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Milwaukee Immigrant Advocates Say Executive Order is Progess but Not Enough

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LaToya Dennis
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Pres. Obama will allow five million immigrants in the U.S. illegally, to as he put it, “come out of the shadows,” at least temporarily.

At a watch party hosted by the group Voces de la Frontera Thursday night on Milwaukee’s south side, more than 50 people gathered to watch and listen to the president announcing his executive order. Most of those present were Hispanic, with ages ranging from the very young to to people who’ve been fighting for immigration reform for years.

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Credit LaToya Dennis
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Immigrants and immigration advocates discuss Mr. Obama's executive order

As soon as President Obama took center stage you could have heard a pin drop in the room if not for the televisions. There was no cheering or booing for that matter, but when the president began to talk about additional resources at the border and the deportation of criminals, many people shook their heads no. After the speech, someone in the audience spoke about why he was disappointed. Gil Amador says the U.S. should be working to build bridges with Mexico, not walls.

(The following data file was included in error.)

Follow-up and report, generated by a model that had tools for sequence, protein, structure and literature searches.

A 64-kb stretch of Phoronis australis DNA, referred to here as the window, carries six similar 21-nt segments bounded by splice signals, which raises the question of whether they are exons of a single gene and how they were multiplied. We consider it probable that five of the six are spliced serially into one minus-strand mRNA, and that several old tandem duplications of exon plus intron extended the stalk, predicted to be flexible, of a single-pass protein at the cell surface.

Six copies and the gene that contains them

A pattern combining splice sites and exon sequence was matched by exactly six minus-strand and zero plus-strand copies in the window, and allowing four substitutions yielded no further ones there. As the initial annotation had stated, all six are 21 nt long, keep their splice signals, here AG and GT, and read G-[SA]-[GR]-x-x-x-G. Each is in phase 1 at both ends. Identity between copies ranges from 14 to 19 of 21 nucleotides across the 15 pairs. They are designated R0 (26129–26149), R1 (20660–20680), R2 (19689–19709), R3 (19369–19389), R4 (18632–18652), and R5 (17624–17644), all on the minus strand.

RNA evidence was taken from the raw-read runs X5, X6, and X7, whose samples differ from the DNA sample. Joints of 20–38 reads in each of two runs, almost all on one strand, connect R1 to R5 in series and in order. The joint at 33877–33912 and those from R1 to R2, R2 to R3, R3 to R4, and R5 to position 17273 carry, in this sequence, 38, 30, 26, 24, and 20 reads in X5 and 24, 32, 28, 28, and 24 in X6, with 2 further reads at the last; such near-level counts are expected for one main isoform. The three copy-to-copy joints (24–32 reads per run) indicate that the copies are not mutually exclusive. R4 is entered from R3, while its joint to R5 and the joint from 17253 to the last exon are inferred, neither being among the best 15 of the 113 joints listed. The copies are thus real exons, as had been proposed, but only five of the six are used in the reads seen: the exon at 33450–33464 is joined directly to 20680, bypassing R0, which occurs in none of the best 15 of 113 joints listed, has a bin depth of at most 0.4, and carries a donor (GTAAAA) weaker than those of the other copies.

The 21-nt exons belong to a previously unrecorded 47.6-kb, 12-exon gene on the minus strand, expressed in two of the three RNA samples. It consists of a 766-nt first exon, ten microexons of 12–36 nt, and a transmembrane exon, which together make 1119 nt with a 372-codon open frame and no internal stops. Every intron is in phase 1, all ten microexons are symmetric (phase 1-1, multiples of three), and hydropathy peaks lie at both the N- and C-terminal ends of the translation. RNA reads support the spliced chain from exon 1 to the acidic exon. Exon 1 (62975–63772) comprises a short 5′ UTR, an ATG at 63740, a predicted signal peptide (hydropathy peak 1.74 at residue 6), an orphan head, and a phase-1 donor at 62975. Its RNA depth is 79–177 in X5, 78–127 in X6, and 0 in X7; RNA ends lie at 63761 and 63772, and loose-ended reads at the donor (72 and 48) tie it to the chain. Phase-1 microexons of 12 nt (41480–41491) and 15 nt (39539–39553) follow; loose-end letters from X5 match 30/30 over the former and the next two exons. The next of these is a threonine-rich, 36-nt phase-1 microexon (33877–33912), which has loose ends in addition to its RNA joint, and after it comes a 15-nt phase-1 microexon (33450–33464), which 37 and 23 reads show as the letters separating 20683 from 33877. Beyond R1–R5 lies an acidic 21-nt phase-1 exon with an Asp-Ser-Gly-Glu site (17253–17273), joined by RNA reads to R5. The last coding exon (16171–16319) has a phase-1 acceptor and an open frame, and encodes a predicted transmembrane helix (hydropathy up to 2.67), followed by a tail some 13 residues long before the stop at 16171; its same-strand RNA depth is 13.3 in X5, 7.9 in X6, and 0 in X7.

“Democrats are still scared of Mexicans and there is an implicit racism on this. They are scared of us. We need to build bridges. It’s not just deportations, it’s not about dreamers. It’s about connecting our communities. It’s because we have roots in Mexico and we’re not going to…I’m not going to lose my roots, my heritage just because I’m here. I can’t accept the first half of the speech, I think it’s still insulting to many who are Mexican,” Amador says.

While up to 5 million people will be allowed to take part in this program, estimates put the undocumented population at around 11 million—85,000 are thought to live in Wisconsin. Many at the party said that the president’s decision is a sign of progress, but it’s not enough as many in the audience and others that they know will not qualify for various reasons. Christine Neumann Ortiz is executive director of Voces. She says the fight will continue.

“It’s a huge victory, and I think we have to claim that victory because we worked for it. And it really should be giving us the energy to keep fighting, because we know there’s a lot of people we love and care for right now who are not included who are equally deserving and that we have to keep up that fight. And it’s going to be a fight whether through executive action or through congress, but we are in a stronger position,” Neumann Ortiz says.

As far as opposition is concerned, Neumann Ortiz says that whoever is elected president in 2016 will need the Hispanic vote. She says one way to lose that vote would be by alienating the Latino community by pushing back on this change.

LaToya was a reporter with WUWM from 2006 to 2021.